Song of Songs 2 – “The Lover’s Call”

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I. Summary
After partaking in a dialogue with her lover, the woman describes her lovesickness. She then describes the way in which her lover calls her and how she responds.

II. Photo
The male praises his lover in v. 2: “Like a lily among thorns, So is my darling among the maidens.”

III. Important Verses
v. 2:Like a lily among thorns, So is my darling among the maidens.
v. 3: Like an apple tree among trees of the forest, So is my beloved among the youths. I delight to sit in his shade, And his fruit is sweet to my mouth.
v. 5: Sustain me with raisin cakes, Refresh me with apples, For I am faint with love.
v. 8: The voice of my beloved! There he comes, Leaping over mountains, Bounding over hills.
v. 13: The green figs form on the fig tree, The vines in blossom give off fragrance. Arise, my darling; My fair one, come away!

IV. Outline
1-3. Descriptive dialogue
4-7. Female lovesickness
8-17. The female describes how the male calls her, and how she responds

V. Comment
Chapter 2 begins with a brief dialogue between the male and female (vv. 1-3). The woman speaks about her lovesickness (vv. 4-7), quotes the way which her lover calls her (vv. 8-14), and relates how she responds to him (vv. 15-17). In terms of literary form, the chapter contains many descriptive metaphors (cf. vv. 1, 2, 3, 7, 8, 9, 12, 14, 15, 17).

In v. 1 the woman describes herself: “I am a rose (chavatzelet) of Sharon, A lily (shoshannat) of the valleys.” Like every metaphor, one might ask, “What does this mean?” It seems that scholars debate the issue. Some feel that she is being humble: since the lily is a common plant she is saying, “I am just one of many girls.” Yet, Garret points out that “it is not likely that she would make such a self-effacing statement in a song where the man and woman are extravagantly praising each other” (p. 148). Others feel that she is describing her importance. Indeed, the capitals of Solomon’s pillars had the (presumably important) lily design: “The capitals upon the columns of the portico were of lily design (ma’aseh shushan), 4 cubits high” (1 Kings 7:19, also see vv. 22, 26). Also, when Isaiah describes a state of rejuvenation he says: “The arid desert shall be glad, The wilderness shall rejoice And shall blossom like a rose (chavatzelet)” (Isa. 35:1). Which interpretation is correct? Garret thinks there is a kernel of truth in both: “On the one hand, she is saying, ‘I am one among many girls.’ But she does not mean by this that ‘I am nobody special.’ She is a flower, a thing of beauty and life. She emphasizes this when she declares that she is the ‘lotus of the valleys’ and invokes traditional notions of the power of the lotus. She does not claim that she is unique in all the world, but she does claim that her role as woman is beautiful and powerful.”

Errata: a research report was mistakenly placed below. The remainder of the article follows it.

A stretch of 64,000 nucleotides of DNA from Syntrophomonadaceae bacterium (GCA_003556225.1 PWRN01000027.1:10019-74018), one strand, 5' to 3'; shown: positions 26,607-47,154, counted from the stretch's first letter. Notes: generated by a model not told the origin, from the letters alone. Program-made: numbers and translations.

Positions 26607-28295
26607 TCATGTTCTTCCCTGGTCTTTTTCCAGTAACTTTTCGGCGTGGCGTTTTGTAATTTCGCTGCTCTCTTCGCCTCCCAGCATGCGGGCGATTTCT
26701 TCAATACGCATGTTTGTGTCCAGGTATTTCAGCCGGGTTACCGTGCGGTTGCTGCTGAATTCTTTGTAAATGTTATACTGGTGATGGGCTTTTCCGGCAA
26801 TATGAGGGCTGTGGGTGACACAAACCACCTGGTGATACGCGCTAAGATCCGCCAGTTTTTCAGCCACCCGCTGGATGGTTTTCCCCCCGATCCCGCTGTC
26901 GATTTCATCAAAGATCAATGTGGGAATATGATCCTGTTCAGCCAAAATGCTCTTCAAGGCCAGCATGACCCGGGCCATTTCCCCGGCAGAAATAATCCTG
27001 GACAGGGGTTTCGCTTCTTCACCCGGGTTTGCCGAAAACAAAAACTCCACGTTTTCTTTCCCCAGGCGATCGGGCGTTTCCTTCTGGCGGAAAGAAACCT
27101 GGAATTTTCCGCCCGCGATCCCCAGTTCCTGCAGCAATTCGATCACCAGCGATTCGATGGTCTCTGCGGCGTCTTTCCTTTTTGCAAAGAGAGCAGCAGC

Having spoken about about love and lilies, it is important to point out that four psalms (45, 60, 69, 80) are introduced by the term lamenatzeach ‘al shoshannim “For the leader; on shoshannim.” While Ps. 60, 69, and 80 happen to be laments, it is interesting that Ps. 45 is the only “Wedding Psalm.” It is possible that the instrument called the shoshan was used because its name (“lily”) is associated with love poetry.

V. 15, which immediately follows the woman’s description of how her lover calls her, is enigmatic: “Catch us the foxes, The little foxes That ruin the vineyards — For our vineyard is in blossom.” The major questions are, “Who is speaking?” and “What is he/she/they saying?” The reason that the speaker’s identity is a mystery is that the verse speaks in the plural first person (in Biblical Hebrew there is no masculine/female marker for the first person). While some feel that this verse is a continuation of the male’s speech, and others feel that it is a chorus, many feel that it is the woman replying to her lover. If that is the case, what is she saying? Hakham thinks that she is teasing him (p. 24, translation my own): “The male sang her a second song about a dove (a symbol of simplicity), and she replies with a song about foxes (a symbol of trickery).” Yet, Hakham writes that “she does not reject him wholeheartedly; rather she ‘pushes him away with the left hand but pulls him close with the right hand.’ This is why she finishes with a song of commitment, comparing her lover to a gazelle on the hills of spice.”

VI. Works Used
(see “Commentaries” page)
Murphy, Wisdom Literature (Forms of Old Testament Literature)
Garrett, Song of Songs (Word Biblical Commentary)
Hakham, Chamesh Megillot (Daat Mikra [Hebrew])

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